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Prevalence and predictors of anaemia in european children on dialysis
  1. L Krischock1,
  2. K van Stralen2,
  3. K Jager2,
  4. J W Groothoff2,
  5. E Verrina2,
  6. F Schaefer2,
  7. J Tizard3
  1. 1Paediatric Renal Unit, Royal Hospital for Sick Children, Glasgow, UK
  2. 2Department of Medical Informatics, Amsterdam Medical Centre, Amsterdam, The Netherlands
  3. 3Paediatric Renal Unit, University Hospital Bristol, Bristol, UK

Abstract

Despite recommendations for the use of iron therapy and erythropoiesis stimulating agents (ESA) to achieve optimal haemoglobin (Hb) levels, anaemia is a significant problem in children with Chronic Kidney Disease (CKD). Adverse effects of anaemia include left ventricular hypertrophy, impaired quality of life and cognitive function, and progression of CKD. Anaemia is also associated with reduced survival in dialysis patients.

The prevalence of anaemia in European children with established renal failure (ERF) is not known. This study was performed within the framework of the European Society of Paediatric Nephrology and the European Renal Association and European Dialysis and Transplant Association Registry to determine the prevalence of anaemia in European children with ERF, identify risk factors for anaemia, and determine adequacy of treatment.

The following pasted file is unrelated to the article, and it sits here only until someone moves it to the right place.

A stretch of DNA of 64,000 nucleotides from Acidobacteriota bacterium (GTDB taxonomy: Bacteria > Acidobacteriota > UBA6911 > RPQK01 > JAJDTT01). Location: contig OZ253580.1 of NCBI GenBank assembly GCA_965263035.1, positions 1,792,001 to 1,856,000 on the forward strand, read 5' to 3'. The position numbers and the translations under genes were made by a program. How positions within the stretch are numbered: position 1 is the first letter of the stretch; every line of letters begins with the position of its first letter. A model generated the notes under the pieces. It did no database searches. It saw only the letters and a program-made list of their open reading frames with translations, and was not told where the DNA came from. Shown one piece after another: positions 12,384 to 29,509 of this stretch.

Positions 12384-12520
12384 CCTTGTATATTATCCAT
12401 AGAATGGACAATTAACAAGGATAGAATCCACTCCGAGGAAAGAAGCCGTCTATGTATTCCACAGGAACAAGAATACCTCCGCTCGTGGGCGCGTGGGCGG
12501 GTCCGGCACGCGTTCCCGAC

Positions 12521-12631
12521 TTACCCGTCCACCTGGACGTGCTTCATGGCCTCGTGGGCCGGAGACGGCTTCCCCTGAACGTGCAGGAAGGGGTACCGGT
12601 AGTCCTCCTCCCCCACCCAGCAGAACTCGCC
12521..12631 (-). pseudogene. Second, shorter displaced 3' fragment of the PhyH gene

Methods Data were collected from 2331 patients with ERF aged <18 years from 2000 to 2009, from 16 European countries, providing 5499 measurements. Percentages were weighted according to the number of Hb measurements.

Results Using European adult and UK National Institute of Clinical Excellence Anaemia guidelines, 44.5% of the patients were anaemic, and 8.5% had very low Hb levels. Only 32.6% of all patients were within the target range. Hb levels increased with increasing age and were higher in peritoneal dialysis (PD) compared with haemodialysis (HD) patients. Patients between the ages of 2 to 5 and 6 to 12 years had a 50% higher chance of being anaemic than adolescents. Patients on HD had a 1.5 times increased risk of being anaemic as compared to PD patients. In countries with information on ESA treatment, ESAs were prescribed in 75 to 100% of patients. Gender, age, dialysis modality and cause of renal failure were not were significantly associated with different use of ESAs.

Conclusion Despite increasing awareness of the deleterious long term effects of anaemia, anaemia is still a common problem in children on dialysis. In this study, nearly half of children were anaemic, despite virtually all patients being prescribed an ESA. Younger children and those on HD had a greater chance of being anaemic. European guidelines are needed to help optimise the management of anaemia in children on dialysis.

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